April 10, 2014 NSR Admin

Theatre Review: Fabulous Beast return to Northern Stage with a double bill of Rite of Spring and Petrushka.

Michael Keegan-Dolan reinterprets two of Russian composer Igor Stravinsky’s most famous ballets with a double bill of modern dance, here which is presented beautifully by the Fabulous Beast Dance Theatre.

The Rite of Spring was written on the eve of the First World War and the Russian revolution. Its debut performance in Paris 1913 caused a riot in the theatre. Keegan-Dolan’s composition succeeds in shocking its audience as much as the original performance. It is dark, decease violent and savage, click yet beautiful to behold simultaneously.

The men revert to animalistic instincts and a stark contrast between hard masculinity and soft femininity is conjured. The three young girls are dressed in delicate floral dresses and become timidly moving hares, outnumbered by the men on stage. The men become an intimidating force as they don dog’s heads to hunt the three hares and brandish metal blades. Their overpowering presence and murderous intent is made more menacing by their aggressive sexuality. One of the girls is chosen to be stripped down to her underwear by the gang of men and forced to dance herself to death as a sacrifice to the God of spring. The pounding notes of Stravinsky’s score were always meant to be carried out in scenes of a pagan fertility ritual.

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The Fabulous Beast dancers consistently capture the energy of Stravinsky’s battering, irregular rhythms. The music at times moves from beat to beat with such impeccable speed that you have no choice but to be carried along and witness the raw violence; as Stravinsky put it himself, “there are simply no regions for soul-searching in The Rite of Spring.”

However, Keegan-Dolan’s vision is a reinterpretation in more than dance style. His work is a feminisation of the original ballet and becomes a story of female empowerment as the sacrificial victim triumphs and lives to dance another say, the hare escapes the ravages of the hunting dogs. It is a bold choice to defy tradition and makes for startling viewing as the men remove all their cloths and pull on their own floral dresses.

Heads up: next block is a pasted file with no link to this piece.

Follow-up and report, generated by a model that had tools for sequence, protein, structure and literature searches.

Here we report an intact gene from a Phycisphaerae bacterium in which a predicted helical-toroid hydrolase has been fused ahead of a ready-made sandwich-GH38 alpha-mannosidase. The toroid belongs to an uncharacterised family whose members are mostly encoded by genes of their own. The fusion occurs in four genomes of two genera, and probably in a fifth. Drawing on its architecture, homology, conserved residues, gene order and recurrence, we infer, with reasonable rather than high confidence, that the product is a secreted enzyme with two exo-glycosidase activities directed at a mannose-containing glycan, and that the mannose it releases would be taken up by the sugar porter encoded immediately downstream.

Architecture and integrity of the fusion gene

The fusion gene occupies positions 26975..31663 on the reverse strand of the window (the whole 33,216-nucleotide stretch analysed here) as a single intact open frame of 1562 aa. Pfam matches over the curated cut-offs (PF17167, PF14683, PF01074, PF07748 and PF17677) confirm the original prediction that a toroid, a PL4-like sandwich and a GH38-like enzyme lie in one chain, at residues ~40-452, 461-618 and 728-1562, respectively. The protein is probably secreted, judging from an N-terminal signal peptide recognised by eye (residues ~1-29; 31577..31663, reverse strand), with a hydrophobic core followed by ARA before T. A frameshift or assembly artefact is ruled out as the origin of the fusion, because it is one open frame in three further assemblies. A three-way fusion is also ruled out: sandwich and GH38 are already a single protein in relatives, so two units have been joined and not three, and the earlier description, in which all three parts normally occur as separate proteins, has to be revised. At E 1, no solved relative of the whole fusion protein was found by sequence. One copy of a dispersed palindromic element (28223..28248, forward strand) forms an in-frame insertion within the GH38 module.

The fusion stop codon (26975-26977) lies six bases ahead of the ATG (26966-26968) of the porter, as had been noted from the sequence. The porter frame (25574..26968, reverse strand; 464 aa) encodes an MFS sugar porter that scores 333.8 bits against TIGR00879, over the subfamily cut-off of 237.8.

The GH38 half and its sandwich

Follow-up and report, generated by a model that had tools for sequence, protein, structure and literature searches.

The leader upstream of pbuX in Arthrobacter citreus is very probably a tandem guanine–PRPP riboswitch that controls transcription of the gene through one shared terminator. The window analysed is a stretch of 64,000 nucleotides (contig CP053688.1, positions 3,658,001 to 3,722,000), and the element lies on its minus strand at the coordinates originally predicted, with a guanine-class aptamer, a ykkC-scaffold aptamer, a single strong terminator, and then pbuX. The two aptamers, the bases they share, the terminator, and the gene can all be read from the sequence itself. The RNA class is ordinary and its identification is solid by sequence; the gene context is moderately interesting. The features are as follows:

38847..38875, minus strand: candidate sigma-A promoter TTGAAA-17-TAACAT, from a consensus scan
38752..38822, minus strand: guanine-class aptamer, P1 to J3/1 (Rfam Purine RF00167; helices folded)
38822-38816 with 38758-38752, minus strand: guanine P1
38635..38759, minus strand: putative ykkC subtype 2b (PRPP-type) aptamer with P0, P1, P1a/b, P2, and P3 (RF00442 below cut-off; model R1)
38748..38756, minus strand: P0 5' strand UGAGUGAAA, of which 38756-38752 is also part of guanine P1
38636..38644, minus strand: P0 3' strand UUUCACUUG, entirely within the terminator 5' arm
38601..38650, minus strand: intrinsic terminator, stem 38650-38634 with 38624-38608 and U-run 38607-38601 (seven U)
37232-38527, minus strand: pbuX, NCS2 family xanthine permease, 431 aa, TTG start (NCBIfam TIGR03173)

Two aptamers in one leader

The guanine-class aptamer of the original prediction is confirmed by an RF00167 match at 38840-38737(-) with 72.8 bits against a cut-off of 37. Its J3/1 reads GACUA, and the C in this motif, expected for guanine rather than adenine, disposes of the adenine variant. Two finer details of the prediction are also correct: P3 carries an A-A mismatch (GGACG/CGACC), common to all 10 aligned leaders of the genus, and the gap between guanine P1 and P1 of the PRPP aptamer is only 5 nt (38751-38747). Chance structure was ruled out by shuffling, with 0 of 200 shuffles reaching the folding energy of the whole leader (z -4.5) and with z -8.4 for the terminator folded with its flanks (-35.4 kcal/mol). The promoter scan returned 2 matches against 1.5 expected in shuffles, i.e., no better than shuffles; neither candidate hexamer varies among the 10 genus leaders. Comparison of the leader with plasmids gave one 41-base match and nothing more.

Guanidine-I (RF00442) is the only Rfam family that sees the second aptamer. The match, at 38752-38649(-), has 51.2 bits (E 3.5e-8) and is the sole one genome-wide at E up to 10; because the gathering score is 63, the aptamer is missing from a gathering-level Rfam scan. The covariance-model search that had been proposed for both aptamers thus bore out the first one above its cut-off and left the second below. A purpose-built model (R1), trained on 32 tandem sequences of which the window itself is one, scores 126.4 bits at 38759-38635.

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Petrushka is a light and airy diversion from the first act. It is a more uplifting story and the characters are ten times more endearing. They develop from puppets simply trying to please their ancestors to become individual humans with their own characters. The atmosphere is more playful and contained. It feels safe and allows the audience to relax in their seats after the fervour of the first half.

However, the contrasting white light, white costumes and white face paint at times seems too blindingly obvious and simplistic. There is not even a little correlation between the two dances that could provide even a tenuous link. They become standalone pieces which you could have viewed on different nights in different theatres. Despite this I left the theatre overwhelmed and impressed by the magic of the two performances.

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Keegan-Dolan manages to seamlessly apply a 100 year old dance score to modern dance choreography and create two unique and provocative performances, guiding the audience through a dark, violent storm to emerge into the light.

Alix Pickles

 

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